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Tuesday, May 13, 2008

Of Parks and Kims and silver chopsticks


I'm back from a three-day exploration of South Korea! I have many unusual experiences that started, would you believe, at the NAIA like as if I was flying for the first time! What happened was after inspections at the immigration officer, I wore my shoes back putting my passport together with my boarding pass at a nearby chair. Unfortunately, I didn't notice that my boarding pass slipped from my passport upon retrieval. I was very hungry as I haven't had lunch yet so I immediately went to buy some food. It was there when I noticed that my boarding pass was missing. Then I heard my name being paged directing me to a place I could not recall anymore. I went back and two ladies approached me and told me they found my boarding pass which they surrendered to the airport police. When I rejoined my group, they were all laughing saying that my name was being announced. How do you respond to that? I told them I handed my boarding pass to the police for safekeeping first. Gave them a thousand each.

We arrived at Incheon airport around midnight. I couldn't find my luggage. As I used the luggage my daughter borrowed from her cousin which she used in their HK trip, I remembered the ribbon to be on the bluishh side and very slim. It was the wee hours of the morning when my children arrived and my wife immediately replaced my things with theirs in the bag. When the conveyor belt had taken about the fifth turn, I took the bag that resembled mine and tried to look at the name on the tag. You see, my niece's name is Rona and my wife's maiden name. When I read the tag, it says, Rowena Rona but no family name. I put it back and let it go. Several more rounds on the conveyor belt and it was the only one left. I took it again and recognized my padlock. Checked the name again and the address on it and realized it was indeed my luggage. And to think it had been there since the time we arrived.

It was very cold when we arrived. It's spring right now in Korea and temperature can go as low as 11 degrees to 23C. As my jacket was inside my luggage, I had to be contented with putting my hands inside my pockets to keep me warm. We had a bulgogi dinner consisting of beef, clear noodles cooked in soup and other flavors, rice, side dishes and kimchi. Wow! authentic kimchi! The thrill over eating kimchi will soon be gone after having to eat it with every meal everyday. Lol!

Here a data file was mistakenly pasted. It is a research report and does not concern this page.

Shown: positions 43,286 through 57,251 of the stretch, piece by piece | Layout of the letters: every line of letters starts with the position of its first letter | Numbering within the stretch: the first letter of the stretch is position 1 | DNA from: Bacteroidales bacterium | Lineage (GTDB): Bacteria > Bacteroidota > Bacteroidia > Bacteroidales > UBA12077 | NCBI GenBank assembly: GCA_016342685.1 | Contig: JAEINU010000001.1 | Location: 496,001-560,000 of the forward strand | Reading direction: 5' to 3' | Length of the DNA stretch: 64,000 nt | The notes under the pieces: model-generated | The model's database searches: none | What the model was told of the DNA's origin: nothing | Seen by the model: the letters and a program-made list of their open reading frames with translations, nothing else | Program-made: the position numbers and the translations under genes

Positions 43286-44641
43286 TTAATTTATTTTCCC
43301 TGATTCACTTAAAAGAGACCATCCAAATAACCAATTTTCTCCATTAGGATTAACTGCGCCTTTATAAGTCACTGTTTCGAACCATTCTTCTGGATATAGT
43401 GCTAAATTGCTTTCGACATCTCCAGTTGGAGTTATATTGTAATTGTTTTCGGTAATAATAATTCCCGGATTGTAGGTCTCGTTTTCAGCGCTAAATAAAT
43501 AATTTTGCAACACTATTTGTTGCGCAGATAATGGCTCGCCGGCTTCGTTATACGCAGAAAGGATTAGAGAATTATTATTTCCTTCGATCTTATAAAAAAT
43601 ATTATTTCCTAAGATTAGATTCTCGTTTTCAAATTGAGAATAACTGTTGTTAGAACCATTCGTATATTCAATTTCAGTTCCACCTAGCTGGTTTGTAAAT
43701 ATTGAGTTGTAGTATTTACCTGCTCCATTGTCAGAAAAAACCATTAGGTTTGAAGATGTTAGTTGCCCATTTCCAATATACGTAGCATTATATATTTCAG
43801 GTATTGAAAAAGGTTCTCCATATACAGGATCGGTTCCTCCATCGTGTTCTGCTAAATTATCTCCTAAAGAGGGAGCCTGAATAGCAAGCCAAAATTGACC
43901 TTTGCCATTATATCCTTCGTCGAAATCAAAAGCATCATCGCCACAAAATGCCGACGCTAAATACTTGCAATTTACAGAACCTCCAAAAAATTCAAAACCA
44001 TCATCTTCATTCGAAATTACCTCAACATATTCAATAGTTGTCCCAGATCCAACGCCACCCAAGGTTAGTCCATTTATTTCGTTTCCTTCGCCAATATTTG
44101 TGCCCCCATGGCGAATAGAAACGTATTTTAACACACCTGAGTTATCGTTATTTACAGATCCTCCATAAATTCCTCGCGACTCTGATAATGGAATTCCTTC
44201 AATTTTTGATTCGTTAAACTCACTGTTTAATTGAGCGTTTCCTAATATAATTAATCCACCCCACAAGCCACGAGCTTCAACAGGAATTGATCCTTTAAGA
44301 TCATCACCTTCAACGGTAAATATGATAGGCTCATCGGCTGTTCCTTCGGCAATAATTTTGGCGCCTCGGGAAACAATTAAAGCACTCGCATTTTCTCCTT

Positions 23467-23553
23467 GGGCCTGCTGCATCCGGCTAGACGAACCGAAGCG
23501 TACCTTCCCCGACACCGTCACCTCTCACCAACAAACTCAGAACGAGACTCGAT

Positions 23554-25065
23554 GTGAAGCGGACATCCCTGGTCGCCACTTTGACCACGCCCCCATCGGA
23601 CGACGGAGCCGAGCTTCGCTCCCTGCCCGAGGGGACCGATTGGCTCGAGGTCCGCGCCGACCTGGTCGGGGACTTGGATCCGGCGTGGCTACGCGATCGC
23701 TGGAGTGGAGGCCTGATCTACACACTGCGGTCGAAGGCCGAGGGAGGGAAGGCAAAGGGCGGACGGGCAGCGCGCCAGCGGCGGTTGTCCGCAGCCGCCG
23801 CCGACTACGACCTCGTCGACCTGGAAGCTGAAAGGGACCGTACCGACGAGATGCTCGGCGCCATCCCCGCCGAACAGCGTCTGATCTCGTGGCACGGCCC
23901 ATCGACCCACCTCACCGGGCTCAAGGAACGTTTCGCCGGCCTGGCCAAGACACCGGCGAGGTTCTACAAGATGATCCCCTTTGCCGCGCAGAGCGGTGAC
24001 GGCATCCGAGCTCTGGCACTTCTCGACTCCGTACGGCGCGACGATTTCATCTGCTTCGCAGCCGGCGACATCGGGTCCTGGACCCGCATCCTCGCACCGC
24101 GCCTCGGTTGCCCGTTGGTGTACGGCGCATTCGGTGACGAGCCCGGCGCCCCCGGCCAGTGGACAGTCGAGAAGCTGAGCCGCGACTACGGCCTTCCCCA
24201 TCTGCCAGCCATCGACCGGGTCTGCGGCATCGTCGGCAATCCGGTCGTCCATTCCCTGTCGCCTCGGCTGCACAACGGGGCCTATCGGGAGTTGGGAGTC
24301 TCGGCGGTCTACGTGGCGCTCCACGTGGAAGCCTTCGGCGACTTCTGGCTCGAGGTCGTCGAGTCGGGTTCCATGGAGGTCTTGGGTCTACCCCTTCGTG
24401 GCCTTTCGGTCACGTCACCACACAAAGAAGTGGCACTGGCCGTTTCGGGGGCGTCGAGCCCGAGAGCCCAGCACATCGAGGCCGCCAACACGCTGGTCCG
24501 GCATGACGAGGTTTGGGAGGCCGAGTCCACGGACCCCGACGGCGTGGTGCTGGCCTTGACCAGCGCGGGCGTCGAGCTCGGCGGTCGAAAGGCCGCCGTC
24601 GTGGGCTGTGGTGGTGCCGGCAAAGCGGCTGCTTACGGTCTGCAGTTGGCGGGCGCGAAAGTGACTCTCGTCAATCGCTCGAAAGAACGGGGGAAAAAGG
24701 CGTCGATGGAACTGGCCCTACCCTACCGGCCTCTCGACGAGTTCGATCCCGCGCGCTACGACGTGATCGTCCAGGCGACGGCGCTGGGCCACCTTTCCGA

It would be wasting your time to narrate what a wonderful time I had during the tour for that is a given. Suffice it to say that we stayed at the Biwon Hotel in Seoul. Instead, I shall give you my impression of South Korea in the three days that I spent there. My biggest impression is that Korea is as efficient as any well-developed country there is. Their systems work well together with how they have adapted technology without forgetting their rich culture. I have seen how proud they are of their ethnic traditions and many more.

If there is one similarity we have with the Koreans, it would be that our countries have been colonized by Japan. They had been oppressed a thousand fold by the Japanese, having been a colony for thirty or so years, and experienced a civil war thereafter that divided their nation into two. And yet, they are more progressive than us in many ways. While I envy the cold climate they have during the short time that I was there, I envy the developments they have made over the years more. I know my observations may be far off from what Korea truly is for I have only been there for only three days. But in the three days that I spent, I nver saw lazy men just hanging around at a corner store making nonsense talk like how they had been bummed out the previous night, or would you see idle land that is not made into a garden of vegetables or flowers. I have been to theme parks that teemed with a lot of people and yet, you do not find garbage like you do in people's park in Tagaytay, for example. Their toilets are well maintained, with soap and tissues around and I am not talking about tourist spots but ordinary public toilets. They practice garbage segregation, street food is clean and the people are very disciplined. They are very industrious working very hard which they inculcate to their young at a very early age.

Giuen more time to stay in that country, I know my impression may change. Who knows? In the meantime, this will be my idea of what Korea is. That if there is something we can learn from them, it will be to love our own country, take pride with who we are, work hard and aspire for a better nation. That the system in Korea is effective and very efficient because the people willed it to be so. They all participate in making their system work and it did.